Red Carpet Night

Oscars was the theme of the party. Even my tired brain managed to work out that it must be fancy dress, but then I got a bit stuck in working out who to go as. Perhaps a famous jazz pianist; Peterson being the obvious choice, but you’d need a piano as a prop which could be a bit unwieldy. Somebody rather more in the media currently, maybe? Yet I wasn’t keen to learn to walk on blades or go along with somebody dressed as a judge. Fishing into classical literature for a wit and a poet, Wilde sprang to mind and could have been fairly easy; a frockcoat, walking cane and a haughty expression would be all that was required. Then I wondered if perhaps you weren’t restricted to going as somebody called Oscar.
I spread my mental net wider and decided that the obvious person for me to go as would be Marilyn Monroe. We have an extraordinary amount in common: we’re both female, speak English as a first language and have been married (at least at some point) and have made it past our 30th birthday. Men would only notice that we’re both blonde and have a big bust. The resemblance ends here as anyone who’s heard me sing will testify, with their hands over their ears. Also, I was never christened either Norma or even Jeane.
Costume was the next challenge. Assuming 8-10 retakes, Marilyn must have spent only about an hour of her life standing over a grating in a white dress. Yet if you turned up in skinny white three-quarter trousers and a little top, you’d need to add a badge saying I am Marilyn Monroe; possibly less than shi-shi, scoring negative points on the icon scale. I was attracted by the concept of turning up in something she wore more often, like a white fluffy dressing gown and curlers. It was only the fear of having to explain myself all evening that shoehorned me into the white halterneck dress.
My hairdresser managed to style my hair into a mass of little blonde curls at the back and dramatic sweeps at the front. As I left her salon, I realised that the last time people had looked at me like that was when I stopped for petrol on the way to a punk party dressed in a black garbage bag, bristling with safety pins. Suffer for Art, I told myself as I drove home on a stiflingly hot day with all the windows up. Yet if I stopped my coiffure blowing away, it would probably just wilt.
Everyone had dressed up and looked terrific. One of my friends had decided to go as Cruella De Ville and turned up entirely in black and white, including her hair being sprayed white on one side, black on the other. Her children had apparently decided that the division between the black and white was not pronounced enough and had put mascara along the parting. A fun little job for her to reverse the next day. Doubtless she’ll find lumps of mascara on her pillow for weeks. Life lesson number one: be careful what help you accept from your children. Needing a prop, she’d ordered a Dalmatian puppy from the Internet. Disappointingly, they sent her a stuffed one.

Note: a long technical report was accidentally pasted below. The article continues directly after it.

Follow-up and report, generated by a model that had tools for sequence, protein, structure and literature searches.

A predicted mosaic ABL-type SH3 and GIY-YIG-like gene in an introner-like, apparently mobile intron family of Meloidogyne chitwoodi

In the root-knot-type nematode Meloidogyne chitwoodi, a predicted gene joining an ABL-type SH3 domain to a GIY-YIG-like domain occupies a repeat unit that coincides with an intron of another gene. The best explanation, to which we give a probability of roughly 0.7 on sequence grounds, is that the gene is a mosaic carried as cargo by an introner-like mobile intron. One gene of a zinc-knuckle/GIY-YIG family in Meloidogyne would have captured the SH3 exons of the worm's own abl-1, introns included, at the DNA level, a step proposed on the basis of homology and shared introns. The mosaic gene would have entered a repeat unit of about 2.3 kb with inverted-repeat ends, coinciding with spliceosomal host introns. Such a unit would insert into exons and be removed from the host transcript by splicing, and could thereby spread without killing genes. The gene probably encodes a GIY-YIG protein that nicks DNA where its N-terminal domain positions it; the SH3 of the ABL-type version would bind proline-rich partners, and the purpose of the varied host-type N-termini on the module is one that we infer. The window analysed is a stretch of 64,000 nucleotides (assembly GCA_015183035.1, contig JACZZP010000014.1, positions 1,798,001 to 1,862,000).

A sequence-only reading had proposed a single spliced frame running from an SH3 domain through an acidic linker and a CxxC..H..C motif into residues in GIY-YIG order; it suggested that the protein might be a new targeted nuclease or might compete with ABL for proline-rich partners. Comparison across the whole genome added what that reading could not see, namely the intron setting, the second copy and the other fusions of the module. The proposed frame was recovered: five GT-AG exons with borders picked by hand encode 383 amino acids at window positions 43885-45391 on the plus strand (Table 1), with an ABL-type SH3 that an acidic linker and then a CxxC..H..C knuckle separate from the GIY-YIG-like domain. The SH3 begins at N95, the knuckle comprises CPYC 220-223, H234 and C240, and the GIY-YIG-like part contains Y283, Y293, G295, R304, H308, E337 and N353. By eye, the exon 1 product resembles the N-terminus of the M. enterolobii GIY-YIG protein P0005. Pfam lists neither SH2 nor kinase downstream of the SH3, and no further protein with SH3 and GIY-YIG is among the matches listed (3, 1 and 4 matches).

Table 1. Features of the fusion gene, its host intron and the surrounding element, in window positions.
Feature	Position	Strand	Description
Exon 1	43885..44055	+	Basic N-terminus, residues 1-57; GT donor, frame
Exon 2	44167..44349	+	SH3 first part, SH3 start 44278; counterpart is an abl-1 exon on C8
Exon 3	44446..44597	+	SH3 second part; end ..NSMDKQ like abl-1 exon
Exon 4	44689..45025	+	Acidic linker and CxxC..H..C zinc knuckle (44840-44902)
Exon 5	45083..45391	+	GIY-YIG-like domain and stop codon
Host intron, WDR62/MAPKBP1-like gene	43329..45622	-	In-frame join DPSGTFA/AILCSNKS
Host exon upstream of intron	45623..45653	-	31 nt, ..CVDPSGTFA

Most people had dressed with what they had at home. It doesn’t quite explain why the gentleman from 12 Years a Slave had chains around his feet while our host, the chimney sweep, had brushes. Odd what you find lying around the bottom of your wardrobe. Even odder why you find it there.
It seems strange that it’s called fancy dress as most the time you are not fanciable, ending up somewhere on the scale from ridiculous to completely bizarre. However, a See What You Can Drag Out Of Your Closet Party or Let’s Look Ridiculous So Our Mates Can Laugh at Us Party doesn’t have quite the same ring. In other languages the phrase is much more colourful. In Spanish it’s disfraz, in German, Verkleidung, in Swahili, mavazi dhana. If the Philippines, I’d be very happy to go to a magarbong damit party.
The real piece of acting was trying to appear normal the next day after several glasses of wine, dancing till dawn and a very short night. Now that does deserve an Oscar. I’ll take de la Renta – and his wardrobe.


About alisongardiner1

Writer of YA series of books. Broadcaster/podcaster Litopia After Dark.
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2 Responses to Red Carpet Night

  1. val says:

    I enjoy most of your stories but this one is one of my favorites. x

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